Government Commitment to Remote Work Flexibility

Despite the setback, the Dutch government has reaffirmed its commitment to enhancing remote work options. In a recent statement, it declared a vested interest in simplifying remote work conditions for employees while maintaining managerial effectiveness for employers.

Recommendations for Employers

The act could have had far-reaching implications for Dutch businesses. Employers would need to consider foreign employment law and navigate complex tax and social security issues, especially if employees sought to work from other countries. Despite the act's rejection, employers should still assess workplace adjustment requests as per the Flexible Working Act. Employers should formulate a clear hybrid working policy, including guidelines on how to handle remote work requests.

Halloween Spooktacular Feature: Navigate the "Haunted House" of Global Employment with Laughter! ๐ŸŽƒ๐ŸŒ

This Halloween, take a break from the ghouls and ghosts to dive into a different kind of adventureโ€”the labyrinth of global employment! If you've ever felt navigating international employment laws is like walking through a haunted house ๐Ÿ‘ป, you'll love our featured video, "Global Employment Adventure: The Fun & Frustration Comedy!" ๐ŸŽฌ

From the tricks of payroll budgeting in foreign currencies ๐Ÿ’ฑ to the threats of making sense out of complex employment laws ๐Ÿ“œ, this comedy video tackles it all. Think hiring contractors is the magic potion ๐Ÿง™โ™‚๏ธ for avoiding complexity? Think again! Misclassifying workers can lead to a real witch-hunt ๐Ÿšซ.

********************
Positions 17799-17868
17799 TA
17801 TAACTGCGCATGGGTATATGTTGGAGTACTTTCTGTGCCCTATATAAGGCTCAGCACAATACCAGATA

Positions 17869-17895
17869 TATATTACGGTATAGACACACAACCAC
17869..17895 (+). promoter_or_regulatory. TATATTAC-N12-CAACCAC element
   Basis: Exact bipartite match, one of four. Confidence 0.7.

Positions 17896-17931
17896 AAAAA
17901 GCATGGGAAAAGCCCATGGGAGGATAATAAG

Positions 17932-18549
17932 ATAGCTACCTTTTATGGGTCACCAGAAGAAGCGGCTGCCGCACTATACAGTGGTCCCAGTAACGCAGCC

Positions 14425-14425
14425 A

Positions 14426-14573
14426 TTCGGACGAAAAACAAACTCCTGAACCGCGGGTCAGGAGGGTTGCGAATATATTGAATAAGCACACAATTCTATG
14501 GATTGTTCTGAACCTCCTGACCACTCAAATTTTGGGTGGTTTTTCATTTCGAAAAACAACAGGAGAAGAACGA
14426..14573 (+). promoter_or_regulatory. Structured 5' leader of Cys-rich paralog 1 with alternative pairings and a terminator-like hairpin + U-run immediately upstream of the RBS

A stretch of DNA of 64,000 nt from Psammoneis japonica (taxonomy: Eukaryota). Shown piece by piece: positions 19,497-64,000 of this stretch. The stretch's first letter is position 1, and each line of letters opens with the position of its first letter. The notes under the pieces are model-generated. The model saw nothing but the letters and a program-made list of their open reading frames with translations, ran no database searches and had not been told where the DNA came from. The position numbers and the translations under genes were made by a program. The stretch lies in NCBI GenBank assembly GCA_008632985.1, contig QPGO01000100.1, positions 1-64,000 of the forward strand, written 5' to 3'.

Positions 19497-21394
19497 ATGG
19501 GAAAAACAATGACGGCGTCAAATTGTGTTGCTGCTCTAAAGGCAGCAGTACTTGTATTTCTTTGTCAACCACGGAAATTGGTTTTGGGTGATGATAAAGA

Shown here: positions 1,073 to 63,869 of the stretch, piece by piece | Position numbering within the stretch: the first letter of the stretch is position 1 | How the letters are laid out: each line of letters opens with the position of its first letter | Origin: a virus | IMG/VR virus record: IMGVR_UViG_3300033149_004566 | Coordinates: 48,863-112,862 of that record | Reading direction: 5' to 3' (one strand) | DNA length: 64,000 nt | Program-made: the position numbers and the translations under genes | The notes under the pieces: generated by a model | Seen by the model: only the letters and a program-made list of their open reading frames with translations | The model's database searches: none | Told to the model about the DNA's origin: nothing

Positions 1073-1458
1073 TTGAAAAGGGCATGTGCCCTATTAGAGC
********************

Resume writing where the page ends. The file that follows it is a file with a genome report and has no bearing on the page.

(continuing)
But don't fret; our video introduces you to Express Global Employment, your guiding light ๐ŸŒŸ for compliant and headache-free global expansion.

Watch and learn how to make your employment journey more treat than trick ๐Ÿฌ!

Global Employment Adventure: Fun & Frustration Comedy

Wrapping Up This Spooktacular Edition ๐ŸŽƒ๐Ÿ‘ป

As we draw the curtains on this Halloween edition of our newsletter, we'd like to extend a big thank you for joining us on this global employment adventure ๐ŸŒ๐ŸŽฌ.

We hope the insights and resources we've shared, including our feature video, have been enlightening and entertaining.

As the nights grow longer, remember: global expansion doesn't have to be a haunting experience. Armed with the right information, you can turn any challenge into an opportunity ๐ŸŒŸ. Together, let's do so to make your global employment journey more sweet than spooky! ๐Ÿฌ๐Ÿ‘ป